Geolocation as a Means to Combat Fraud

by 12th September 2013Online, Privacy

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I recently had occasion to buy a product from an online company. Having added the item to my basket, I went to the checkout and entered my credit card details, then pressed the confirmation button to move on to the 3-D Secure section (more familiarly known as “Verified by Visa” or Mastercard’s SecureCode).

I was quite surprised when my card was then rejected. So I tried again, in case there had been a timeout between the merchant and the merchant account provider. Still no joy.

My next step was to contact the vendor to ask if there was any reason why my card had been rejected. It transpires that the company use geolocation functionality to obtain your location from your IP address and then compare the town with the town you gave as your credit card address. The vendor told me that it had proven effective in combating fraud, as quite often the fraudsters won’t be based in the same city as the credit card owner.

I can certainly understand the premise behind the implementation, and any attempts to reduce fraud only serve to help the consumer, and keep the vendor’s costs down. The trouble is, geolocation data just isn’t that reliable.

Nowadays, many people are quite happy to purchase items using their mobile phone or tablet over 3G (or 4G if you’re lucky) whilst they are on the move. As you move around, your phone may pick up a different broadcast tower, and depending on your provider, your IP address could change as the broadcast towers reregister you with the network. In any case, even if this doesn’t happen, the results are unlikely to be accurate. The reason is simple.

Whether you are connecting to the internet over a mobile technology or via broadband through your Internet Service Provider (ISP), the ISP typically has a range of IP addresses that they hand out to their customers on a time-based period, although often the IP address will be retained for some time. As they keep a block of IP addresses for use, these aren’t necessarily assigned to a particular geographical region. Furthermore, although the W3C have been defining an API for geolocation there is no clear definition of how your location should be, or can be identified.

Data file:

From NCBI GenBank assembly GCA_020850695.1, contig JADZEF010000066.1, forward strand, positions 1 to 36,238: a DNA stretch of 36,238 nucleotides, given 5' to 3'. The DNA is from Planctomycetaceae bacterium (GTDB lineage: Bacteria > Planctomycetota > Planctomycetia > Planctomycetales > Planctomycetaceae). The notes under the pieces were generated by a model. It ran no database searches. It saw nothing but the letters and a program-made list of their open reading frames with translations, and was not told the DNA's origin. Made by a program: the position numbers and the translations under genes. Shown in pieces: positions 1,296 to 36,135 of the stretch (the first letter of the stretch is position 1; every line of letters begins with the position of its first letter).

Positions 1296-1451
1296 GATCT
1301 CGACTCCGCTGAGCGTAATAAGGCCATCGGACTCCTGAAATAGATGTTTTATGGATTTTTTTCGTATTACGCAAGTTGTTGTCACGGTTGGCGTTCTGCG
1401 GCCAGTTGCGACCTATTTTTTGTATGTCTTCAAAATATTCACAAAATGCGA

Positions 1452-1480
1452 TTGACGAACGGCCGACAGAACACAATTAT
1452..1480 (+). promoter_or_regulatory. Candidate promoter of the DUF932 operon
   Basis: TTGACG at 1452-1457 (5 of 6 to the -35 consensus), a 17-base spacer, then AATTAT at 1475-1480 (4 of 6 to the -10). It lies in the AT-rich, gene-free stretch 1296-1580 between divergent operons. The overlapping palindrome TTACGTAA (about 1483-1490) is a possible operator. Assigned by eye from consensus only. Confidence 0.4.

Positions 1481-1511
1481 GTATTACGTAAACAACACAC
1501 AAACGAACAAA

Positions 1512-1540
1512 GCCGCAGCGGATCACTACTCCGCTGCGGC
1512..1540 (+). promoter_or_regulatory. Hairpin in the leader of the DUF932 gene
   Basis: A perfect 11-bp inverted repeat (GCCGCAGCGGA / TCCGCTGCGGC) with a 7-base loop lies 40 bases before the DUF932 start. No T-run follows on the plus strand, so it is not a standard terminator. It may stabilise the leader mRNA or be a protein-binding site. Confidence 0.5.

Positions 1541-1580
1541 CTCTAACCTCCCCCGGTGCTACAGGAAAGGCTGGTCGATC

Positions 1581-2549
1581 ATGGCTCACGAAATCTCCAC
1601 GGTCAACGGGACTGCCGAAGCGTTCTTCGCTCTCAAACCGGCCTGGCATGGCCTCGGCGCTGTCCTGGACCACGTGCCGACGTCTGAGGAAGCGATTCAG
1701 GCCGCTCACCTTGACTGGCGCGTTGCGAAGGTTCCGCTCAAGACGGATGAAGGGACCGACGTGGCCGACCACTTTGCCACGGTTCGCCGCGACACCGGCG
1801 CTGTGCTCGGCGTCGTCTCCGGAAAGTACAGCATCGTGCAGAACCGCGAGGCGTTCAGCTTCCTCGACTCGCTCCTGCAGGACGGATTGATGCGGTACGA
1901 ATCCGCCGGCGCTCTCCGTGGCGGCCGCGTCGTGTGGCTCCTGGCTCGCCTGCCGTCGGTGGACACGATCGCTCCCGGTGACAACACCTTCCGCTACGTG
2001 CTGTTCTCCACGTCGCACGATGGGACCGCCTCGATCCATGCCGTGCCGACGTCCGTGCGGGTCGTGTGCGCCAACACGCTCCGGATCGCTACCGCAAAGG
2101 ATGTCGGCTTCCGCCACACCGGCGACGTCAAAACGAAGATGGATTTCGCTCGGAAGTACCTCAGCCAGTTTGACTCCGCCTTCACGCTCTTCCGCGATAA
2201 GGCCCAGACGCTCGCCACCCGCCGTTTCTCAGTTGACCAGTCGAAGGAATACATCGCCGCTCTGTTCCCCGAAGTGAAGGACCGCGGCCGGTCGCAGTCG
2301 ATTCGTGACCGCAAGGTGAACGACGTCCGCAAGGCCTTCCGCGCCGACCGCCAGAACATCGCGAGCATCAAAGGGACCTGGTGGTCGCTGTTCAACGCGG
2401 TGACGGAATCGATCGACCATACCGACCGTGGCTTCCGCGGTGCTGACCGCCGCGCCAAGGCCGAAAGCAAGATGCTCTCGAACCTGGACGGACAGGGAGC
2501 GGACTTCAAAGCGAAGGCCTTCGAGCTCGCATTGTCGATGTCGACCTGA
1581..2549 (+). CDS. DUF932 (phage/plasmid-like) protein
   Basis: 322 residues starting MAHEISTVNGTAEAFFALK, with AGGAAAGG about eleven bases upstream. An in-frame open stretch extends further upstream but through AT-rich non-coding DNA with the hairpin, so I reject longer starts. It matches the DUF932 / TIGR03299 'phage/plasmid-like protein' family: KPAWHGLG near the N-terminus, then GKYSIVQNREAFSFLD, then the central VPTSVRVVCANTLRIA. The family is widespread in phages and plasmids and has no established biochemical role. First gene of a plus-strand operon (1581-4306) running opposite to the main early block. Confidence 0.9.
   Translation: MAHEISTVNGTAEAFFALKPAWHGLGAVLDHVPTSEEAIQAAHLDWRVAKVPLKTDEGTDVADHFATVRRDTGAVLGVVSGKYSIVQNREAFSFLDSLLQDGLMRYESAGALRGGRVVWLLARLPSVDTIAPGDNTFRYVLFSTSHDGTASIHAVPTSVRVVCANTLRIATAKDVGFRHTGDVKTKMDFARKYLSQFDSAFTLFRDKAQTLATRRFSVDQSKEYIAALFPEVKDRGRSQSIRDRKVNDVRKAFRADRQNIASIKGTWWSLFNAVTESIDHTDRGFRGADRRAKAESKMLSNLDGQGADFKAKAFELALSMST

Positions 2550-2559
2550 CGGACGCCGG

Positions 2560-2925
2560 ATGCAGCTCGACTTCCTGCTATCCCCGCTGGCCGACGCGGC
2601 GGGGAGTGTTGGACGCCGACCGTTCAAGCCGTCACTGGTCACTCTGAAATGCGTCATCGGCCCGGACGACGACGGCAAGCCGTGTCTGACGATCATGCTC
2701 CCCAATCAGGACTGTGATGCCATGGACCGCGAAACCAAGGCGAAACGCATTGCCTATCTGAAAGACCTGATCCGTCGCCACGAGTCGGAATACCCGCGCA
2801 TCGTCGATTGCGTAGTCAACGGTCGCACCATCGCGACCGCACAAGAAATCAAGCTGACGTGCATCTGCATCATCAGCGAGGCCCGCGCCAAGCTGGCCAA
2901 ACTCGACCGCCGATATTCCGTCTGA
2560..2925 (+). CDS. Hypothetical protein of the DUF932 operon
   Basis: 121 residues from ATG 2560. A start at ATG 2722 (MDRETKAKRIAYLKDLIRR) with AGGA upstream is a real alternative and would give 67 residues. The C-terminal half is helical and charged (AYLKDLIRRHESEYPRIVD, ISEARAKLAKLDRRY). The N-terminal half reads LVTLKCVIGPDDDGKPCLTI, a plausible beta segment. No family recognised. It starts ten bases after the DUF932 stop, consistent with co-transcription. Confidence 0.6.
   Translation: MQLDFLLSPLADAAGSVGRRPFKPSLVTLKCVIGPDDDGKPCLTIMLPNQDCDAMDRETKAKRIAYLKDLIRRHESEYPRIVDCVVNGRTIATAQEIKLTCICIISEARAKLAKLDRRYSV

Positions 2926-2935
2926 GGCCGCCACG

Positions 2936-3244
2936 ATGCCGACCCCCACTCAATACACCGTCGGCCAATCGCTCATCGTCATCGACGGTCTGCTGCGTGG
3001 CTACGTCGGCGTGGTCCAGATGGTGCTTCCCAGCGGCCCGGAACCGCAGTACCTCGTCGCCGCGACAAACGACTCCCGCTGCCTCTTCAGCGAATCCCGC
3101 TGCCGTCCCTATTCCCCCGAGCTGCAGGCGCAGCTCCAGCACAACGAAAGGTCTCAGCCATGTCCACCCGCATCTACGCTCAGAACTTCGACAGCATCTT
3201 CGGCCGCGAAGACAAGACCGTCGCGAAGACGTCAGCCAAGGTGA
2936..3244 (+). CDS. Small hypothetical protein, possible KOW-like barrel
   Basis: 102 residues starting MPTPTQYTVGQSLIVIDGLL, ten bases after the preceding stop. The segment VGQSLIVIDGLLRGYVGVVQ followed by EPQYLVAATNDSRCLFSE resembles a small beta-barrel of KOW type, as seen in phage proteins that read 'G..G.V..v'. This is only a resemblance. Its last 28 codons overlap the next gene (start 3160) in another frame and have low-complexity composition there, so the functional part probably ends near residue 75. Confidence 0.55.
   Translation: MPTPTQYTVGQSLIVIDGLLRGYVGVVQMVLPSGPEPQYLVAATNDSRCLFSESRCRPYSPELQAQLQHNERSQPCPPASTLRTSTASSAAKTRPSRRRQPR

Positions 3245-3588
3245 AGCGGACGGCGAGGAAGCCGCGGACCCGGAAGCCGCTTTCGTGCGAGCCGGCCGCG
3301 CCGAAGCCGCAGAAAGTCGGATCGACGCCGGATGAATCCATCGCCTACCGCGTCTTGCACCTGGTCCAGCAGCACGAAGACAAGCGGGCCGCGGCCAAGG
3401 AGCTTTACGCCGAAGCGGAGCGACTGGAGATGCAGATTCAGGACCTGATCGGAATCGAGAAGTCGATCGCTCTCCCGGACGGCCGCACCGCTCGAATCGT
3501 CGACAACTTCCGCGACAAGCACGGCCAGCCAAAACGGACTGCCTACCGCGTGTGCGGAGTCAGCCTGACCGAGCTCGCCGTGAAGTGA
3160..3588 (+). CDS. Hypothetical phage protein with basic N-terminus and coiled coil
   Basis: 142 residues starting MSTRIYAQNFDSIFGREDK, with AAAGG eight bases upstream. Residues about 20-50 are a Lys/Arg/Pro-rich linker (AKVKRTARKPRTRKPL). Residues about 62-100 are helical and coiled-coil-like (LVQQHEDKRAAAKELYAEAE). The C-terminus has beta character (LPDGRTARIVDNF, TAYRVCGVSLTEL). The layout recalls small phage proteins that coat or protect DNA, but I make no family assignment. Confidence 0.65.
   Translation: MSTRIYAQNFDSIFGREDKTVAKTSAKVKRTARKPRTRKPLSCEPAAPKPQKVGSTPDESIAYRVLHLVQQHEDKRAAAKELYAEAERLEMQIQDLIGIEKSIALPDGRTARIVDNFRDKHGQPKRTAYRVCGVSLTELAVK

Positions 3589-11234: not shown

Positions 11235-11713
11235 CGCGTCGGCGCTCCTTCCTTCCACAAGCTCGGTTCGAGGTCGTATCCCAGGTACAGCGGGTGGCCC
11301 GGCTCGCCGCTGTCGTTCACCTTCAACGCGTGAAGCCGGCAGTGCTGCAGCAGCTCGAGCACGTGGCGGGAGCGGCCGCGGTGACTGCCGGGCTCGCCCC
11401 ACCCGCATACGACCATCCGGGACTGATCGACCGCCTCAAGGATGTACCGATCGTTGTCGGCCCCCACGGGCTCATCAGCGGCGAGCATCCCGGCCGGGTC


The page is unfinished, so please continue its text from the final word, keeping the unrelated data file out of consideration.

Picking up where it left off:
A case in point: I used two different online services (IP2Location and IPLigence) to check my location based on my IP address. I first tried it with my broadband connection, expecting them to give me the same, but erroneous answer. Surprisingly, both gave completely different results: one in Worthing, West Sussex, and one in Sheffield, South Yorkshire, from the same IP address. As a control, I introduced another service to check it to see if one of the first two was just low quality, Free Geo IP. This came out with my location as Wolverhampton, in the West Midlands. So, from three different sources, I got three different geographical locations, none of which, I should point out, is my home town.

I then tried the same test using my mobile phone over 3G. Again, I got different results, but this time only two: Westminster, in London; and Newbury, in Hampshire. And, unsurprisingly, none of those are my home town either. And I can honestly say that I am sitting in my office writing this, and don’t have anything fancy like TOR switched on, so these are genuine results.

So whilst I commend the online vendor for trying to combat fraud using various techniques, and according to them, successfully, I can’t help but wonder how many consumers have been turned away from their site precisely because of the poor quality of the geolocation data. In any event, I’m not keen on IP addresses being tied down to a particular location: my location should be an explicit personal decision to divulge, not that of some clever computer hackery.

Irrespective of my personal opinion, geolocation data just isn’t reliable enough to use to validate a consumer’s location. Quite aside from the lack of accuracy, shopping on the move or from a place of work would also mean that your purchase could potentially be blocked. Until the technology matures, implementing it in this manner causes more problems than it cures.

Matthew Cunliffe

Matthew Cunliffe


Matthew is an IT specialist with more than 24 years experience in software development and project management. He has a wide range of interests, including international political theory; playing guitar; music; hiking, kayaking, and bouldering; and data privacy and ethics in IT.


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